I am a doctoral student of glaciology at the University of Maine and my main research project focuses on ice shelf break up processes in Antarctica. As of six years ago I never would have imagined that I’d be traveling the world to study glaciers. I grew up in Georgia, studied physics in college, and it wasn’t until my final year in undergraduate studies that I was exposed to glaciology and discovered the world of academic research.
This past October I blogged from the field and participated in the Follow a Researcher® program. Both of these attempts to share my research were fueled by the simple fact that I feel incredibly lucky to be in the field of glaciology, a field upon which I stumbled by accident. Through these outreach efforts I shared my experiences as an early career scientist in the hopes of reaching younger students who might have never thought to explore STEM related fields, as well as others interested in following the scientific process as it unfolds. In this blog I will briefly highlight my experiences working with Follow a Researcher® (FAR), an outreach program that allows K-12 students and teachers connect and interact with scientists in the field.
Blogging from the back of a pistenbully. Mount Erebus can be seen through the left-hand window.
My fieldwork focuses on the McMurdo Shear Zone, an area of intense crevassing between the Ross Ice shelf and the neighboring McMurdo Ice Shelf. During October and November of last year I joined a team of scientists from the University of Maine and Dartmouth to study this remote Antarctic region. My research aimed to monitor crevassing within the shear zone using a combination of GPS and ground penetrating radar (GPR) surveys. Before I set out on my expedition, I worked with the FAR team to create educational videos that would be shown to students following my research around the state of Maine each week that I was in the field. We created five videos to be released on a weekly basis during my expedition, with each highlighting a step in the scientific process. Video topics included: gathering background information, asking questions and identifying problems, deciding what data to collect, planning a field expedition, and processing data and using models.
Each week that I was in the field, FAR would host a live twitter session where students could ask me questions while I was working on the science they had been following in the Antarctic. Using a DeLorme InReach, a satellite-based texting device, I could answer their inquiries in real time. Of course, due to the 18hr time difference between the eastern US coast and Antarctica, a reasonable time for students to ask questions meant answering questions at 6am Antarctic time for me! Consequently, I live-tweeted from the depths of my toasty sleeping bag. Questions typically aligned with the video of the week, but occasionally I’d get creative questions such as “Does the moon look upside down from the southern hemisphere?”, “How can you breathe in Antarctica if there are no trees?”, and “Are there rare Pokémon you can collect in Antarctica?”.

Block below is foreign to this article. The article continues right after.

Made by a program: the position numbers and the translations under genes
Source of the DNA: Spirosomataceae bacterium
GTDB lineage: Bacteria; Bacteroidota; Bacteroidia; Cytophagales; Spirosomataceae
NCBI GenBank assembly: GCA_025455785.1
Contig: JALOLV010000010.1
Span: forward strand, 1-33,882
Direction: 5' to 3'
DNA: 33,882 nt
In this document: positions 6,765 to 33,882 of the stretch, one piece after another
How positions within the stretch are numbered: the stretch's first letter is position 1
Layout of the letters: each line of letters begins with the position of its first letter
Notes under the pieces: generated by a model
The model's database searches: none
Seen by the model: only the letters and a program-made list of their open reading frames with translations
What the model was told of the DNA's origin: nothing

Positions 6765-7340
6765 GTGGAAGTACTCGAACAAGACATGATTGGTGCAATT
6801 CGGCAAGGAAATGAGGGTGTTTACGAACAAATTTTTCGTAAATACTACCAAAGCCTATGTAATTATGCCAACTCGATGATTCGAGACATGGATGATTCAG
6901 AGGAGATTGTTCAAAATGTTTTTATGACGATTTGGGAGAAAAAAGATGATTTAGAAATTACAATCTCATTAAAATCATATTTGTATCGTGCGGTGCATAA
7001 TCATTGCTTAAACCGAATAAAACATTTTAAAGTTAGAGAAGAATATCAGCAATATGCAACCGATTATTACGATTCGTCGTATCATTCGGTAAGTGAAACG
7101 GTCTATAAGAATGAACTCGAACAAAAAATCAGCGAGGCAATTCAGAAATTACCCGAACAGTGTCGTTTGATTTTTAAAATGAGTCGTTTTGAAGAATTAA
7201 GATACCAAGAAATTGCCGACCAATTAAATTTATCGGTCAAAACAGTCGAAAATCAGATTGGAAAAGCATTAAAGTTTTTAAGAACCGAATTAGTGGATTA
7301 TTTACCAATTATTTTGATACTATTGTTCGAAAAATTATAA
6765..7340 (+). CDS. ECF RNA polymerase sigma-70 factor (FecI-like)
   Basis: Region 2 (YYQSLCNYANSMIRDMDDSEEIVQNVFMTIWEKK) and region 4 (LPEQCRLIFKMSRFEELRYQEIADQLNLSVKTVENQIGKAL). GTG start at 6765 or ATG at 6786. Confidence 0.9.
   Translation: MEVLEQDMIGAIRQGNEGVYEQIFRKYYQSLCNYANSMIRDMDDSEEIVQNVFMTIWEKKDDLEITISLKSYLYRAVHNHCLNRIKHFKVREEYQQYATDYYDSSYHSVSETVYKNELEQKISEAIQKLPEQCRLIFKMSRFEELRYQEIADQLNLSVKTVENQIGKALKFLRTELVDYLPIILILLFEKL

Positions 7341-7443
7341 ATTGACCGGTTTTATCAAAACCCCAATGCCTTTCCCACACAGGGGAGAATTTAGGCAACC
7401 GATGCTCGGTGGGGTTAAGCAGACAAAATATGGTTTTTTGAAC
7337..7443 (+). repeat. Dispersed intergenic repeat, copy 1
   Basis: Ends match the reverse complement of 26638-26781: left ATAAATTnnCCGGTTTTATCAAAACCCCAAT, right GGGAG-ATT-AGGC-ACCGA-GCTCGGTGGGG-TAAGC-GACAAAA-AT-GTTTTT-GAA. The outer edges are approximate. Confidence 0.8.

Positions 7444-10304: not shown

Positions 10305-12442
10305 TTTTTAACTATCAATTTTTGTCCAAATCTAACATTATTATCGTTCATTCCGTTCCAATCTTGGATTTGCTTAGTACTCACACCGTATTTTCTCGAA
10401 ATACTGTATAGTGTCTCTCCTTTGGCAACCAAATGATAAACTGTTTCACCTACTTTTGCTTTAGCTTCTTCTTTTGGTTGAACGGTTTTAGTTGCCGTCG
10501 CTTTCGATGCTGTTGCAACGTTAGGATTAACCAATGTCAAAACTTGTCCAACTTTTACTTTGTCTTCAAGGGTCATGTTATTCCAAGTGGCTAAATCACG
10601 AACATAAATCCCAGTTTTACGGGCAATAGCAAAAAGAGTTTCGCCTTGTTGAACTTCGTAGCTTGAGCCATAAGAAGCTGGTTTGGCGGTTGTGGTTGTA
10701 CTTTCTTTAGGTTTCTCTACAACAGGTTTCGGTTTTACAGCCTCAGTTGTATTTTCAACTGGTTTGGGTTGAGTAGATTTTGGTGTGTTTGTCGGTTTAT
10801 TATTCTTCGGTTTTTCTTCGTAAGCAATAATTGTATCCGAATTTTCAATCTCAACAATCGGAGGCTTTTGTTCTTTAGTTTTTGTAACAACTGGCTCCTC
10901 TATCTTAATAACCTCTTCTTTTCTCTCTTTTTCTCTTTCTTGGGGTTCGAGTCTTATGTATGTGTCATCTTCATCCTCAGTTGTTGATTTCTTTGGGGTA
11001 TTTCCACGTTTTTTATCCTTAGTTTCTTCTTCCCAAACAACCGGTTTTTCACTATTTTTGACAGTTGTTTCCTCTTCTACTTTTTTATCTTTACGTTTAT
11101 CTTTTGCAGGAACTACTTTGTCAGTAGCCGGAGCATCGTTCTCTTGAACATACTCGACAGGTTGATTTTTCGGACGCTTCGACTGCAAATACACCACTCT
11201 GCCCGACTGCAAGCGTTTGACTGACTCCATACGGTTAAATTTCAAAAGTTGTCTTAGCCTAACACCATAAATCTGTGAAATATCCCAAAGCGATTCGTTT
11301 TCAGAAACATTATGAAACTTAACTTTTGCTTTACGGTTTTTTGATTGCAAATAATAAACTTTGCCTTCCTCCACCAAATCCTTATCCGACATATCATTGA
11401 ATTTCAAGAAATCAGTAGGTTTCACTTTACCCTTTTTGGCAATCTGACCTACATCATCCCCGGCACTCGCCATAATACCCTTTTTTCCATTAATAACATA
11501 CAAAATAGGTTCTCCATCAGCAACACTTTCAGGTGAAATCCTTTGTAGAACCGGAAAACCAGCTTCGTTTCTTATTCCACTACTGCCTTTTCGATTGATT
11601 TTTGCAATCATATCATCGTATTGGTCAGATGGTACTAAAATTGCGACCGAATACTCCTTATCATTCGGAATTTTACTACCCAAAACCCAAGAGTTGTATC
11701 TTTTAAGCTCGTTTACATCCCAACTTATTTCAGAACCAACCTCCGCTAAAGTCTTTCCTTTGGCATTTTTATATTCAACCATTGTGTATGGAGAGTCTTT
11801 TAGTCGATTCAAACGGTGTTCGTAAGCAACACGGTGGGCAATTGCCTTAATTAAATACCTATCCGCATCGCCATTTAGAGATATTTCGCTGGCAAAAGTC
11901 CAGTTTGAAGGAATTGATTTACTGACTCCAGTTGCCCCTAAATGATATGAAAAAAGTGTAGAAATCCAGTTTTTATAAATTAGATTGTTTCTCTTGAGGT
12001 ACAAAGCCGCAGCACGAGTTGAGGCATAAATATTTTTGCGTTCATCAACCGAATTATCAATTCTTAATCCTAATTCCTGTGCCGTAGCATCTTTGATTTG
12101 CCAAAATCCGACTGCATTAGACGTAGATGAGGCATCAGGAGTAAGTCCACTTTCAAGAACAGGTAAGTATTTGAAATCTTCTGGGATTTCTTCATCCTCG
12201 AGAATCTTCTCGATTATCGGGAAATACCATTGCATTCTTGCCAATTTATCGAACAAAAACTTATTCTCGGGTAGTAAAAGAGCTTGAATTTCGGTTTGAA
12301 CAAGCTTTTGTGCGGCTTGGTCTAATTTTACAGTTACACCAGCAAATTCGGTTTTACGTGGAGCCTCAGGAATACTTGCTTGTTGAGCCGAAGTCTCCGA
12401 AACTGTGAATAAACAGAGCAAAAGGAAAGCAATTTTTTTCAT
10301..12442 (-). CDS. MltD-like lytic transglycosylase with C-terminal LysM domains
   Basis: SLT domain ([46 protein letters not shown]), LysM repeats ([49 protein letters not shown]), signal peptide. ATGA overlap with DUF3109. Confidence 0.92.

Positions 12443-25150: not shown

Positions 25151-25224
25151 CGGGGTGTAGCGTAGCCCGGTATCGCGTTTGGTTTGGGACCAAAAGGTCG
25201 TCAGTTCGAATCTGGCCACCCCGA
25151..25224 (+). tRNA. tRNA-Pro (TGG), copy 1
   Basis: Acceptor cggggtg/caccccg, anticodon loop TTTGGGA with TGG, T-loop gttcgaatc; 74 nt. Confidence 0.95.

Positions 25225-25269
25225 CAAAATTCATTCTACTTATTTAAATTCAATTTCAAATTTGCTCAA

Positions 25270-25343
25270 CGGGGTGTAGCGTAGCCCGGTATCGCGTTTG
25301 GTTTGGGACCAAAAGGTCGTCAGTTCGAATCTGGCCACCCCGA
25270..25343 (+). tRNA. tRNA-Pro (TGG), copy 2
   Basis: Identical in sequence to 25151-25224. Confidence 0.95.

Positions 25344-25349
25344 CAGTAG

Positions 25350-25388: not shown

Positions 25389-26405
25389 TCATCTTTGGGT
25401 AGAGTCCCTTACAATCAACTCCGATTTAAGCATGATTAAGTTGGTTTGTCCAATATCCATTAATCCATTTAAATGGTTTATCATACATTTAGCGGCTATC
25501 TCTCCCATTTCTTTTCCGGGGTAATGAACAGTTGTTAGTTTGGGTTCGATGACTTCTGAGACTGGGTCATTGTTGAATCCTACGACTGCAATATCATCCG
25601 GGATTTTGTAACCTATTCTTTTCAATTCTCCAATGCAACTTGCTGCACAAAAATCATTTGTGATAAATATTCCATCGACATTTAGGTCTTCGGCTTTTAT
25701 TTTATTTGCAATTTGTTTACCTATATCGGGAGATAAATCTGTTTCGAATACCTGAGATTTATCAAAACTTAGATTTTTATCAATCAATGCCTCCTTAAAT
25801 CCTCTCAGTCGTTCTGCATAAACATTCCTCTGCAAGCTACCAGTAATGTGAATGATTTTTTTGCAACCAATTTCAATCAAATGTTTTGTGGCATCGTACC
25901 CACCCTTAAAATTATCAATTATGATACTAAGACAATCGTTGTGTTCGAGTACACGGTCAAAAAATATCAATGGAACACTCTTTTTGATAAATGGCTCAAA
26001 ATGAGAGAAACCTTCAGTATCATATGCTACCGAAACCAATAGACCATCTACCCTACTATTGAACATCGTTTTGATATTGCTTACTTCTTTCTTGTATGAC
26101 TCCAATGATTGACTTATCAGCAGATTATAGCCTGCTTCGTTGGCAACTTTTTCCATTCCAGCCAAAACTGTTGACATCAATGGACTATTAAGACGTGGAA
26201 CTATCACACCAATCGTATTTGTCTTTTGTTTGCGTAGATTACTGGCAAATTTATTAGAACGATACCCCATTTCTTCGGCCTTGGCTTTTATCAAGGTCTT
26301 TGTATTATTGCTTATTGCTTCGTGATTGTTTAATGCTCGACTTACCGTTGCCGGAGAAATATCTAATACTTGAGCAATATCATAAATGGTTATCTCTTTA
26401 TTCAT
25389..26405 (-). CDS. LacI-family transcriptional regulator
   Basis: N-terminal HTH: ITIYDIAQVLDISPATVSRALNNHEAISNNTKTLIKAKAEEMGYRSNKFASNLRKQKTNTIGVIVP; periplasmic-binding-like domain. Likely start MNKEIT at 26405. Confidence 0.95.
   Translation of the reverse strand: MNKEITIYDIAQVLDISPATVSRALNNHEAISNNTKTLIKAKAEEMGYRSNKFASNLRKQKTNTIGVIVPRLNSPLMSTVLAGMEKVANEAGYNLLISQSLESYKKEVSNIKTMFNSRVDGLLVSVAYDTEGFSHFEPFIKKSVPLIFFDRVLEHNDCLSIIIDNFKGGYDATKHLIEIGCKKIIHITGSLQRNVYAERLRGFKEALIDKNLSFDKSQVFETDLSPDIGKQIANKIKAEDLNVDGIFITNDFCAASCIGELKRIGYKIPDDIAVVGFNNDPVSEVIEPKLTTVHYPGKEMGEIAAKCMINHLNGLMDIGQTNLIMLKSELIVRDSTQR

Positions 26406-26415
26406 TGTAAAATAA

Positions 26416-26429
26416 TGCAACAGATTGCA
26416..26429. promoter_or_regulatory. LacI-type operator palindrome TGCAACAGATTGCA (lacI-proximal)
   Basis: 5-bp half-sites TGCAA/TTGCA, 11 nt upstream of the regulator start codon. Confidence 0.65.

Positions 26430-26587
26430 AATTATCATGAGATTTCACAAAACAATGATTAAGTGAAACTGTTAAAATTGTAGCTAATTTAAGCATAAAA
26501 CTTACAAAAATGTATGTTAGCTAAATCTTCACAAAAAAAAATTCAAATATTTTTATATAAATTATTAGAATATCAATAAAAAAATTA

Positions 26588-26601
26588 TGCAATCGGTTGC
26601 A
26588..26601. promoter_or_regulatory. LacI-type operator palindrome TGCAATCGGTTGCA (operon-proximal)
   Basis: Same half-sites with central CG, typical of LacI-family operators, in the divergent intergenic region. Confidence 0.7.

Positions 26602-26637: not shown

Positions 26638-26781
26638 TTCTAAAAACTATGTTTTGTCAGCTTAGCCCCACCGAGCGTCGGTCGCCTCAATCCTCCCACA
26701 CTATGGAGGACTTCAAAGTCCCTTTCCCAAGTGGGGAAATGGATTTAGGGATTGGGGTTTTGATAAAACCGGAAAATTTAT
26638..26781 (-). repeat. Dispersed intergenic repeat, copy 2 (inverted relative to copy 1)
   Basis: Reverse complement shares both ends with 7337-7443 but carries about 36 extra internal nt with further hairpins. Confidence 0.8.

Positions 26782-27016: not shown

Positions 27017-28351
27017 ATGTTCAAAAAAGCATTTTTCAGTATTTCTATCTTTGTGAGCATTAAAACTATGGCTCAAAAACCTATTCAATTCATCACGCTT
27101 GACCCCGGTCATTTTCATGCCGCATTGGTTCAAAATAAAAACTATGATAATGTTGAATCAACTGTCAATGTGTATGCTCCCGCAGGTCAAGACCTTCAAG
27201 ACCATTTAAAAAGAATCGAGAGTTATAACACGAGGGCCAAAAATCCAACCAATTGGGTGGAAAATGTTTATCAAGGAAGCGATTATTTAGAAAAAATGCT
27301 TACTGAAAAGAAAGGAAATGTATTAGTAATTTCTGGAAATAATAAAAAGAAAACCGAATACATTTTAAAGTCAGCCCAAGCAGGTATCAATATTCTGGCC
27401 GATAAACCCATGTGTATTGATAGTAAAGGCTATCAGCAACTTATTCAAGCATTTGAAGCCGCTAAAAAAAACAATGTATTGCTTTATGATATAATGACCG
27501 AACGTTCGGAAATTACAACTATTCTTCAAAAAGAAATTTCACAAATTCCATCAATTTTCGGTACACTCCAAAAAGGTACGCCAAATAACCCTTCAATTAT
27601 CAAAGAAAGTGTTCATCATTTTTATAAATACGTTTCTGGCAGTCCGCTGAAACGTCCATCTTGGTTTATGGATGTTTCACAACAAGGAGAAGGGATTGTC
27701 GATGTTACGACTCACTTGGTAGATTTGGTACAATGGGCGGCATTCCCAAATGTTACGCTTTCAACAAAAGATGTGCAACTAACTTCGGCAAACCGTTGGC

Photo of DeLorme InReach device from inside my sleeping bag
I also had the opportunity to play around with another neat gadget that made communication efforts more interesting this season: a 360-degree video camera. This was the first time that the camera was taken into the field, and I had fun experimenting with places to mount the camera so as to display the Antarctic environment from various unique perspectives. My favorite place on which to mount it ended up being on the front of my snowmobile as I was moving between field sites. At the end of the field season, I used the collection of 360-degree footage to put together a video recap of my expedition for the students who had been following along on the adventure, which you can find here: https://www.youtube.com/watch?v=g-ZLyCtHQaA
After I returned to Maine from fieldwork, I visited a group of fourth graders that followed my field journey at one of local schools near the University of Maine. It was incredibly rewarding to interact with some of the students who followed my field expedition in person and see their excitement about research in Antarctica. During my visit I shared my final video, answered more questions and guided a few interactive educational activities with fellow glaciology student Mariama Dryak. We hosted cold weather layering exercises, 3D video tours of my field site in Antarctica, and had the students physically create of ‘model’ of the debuttressing effect that occurs when ice shelves are lost in front of glaciers.
The educational videos and exercises I put together through FAR from this season are still available online here, and FAR is currently gearing up for their new season to begin April 23rd and follow Tyler Van Kirk and his graduate work along the Maine coast. I’m incredibly thankful to the hard workers at FAR for allowing me to participate in this past year’s program. While this program is unique to UMaine, I have learned several techniques through my engagement that are transferrable to others interested in communicating science from the field. The most valuable advice I can give is to have a fellow science communicator as a point of contact who is not in the field. Whether its formatting blog posts, setting up Skype interviews, or double checking your time zone conversion, having a point of contact who’s connected to the internet will help tremendously. And of course, being someone else’s contact gives you a chance to continue engaging in outreach when you’re in between adventures.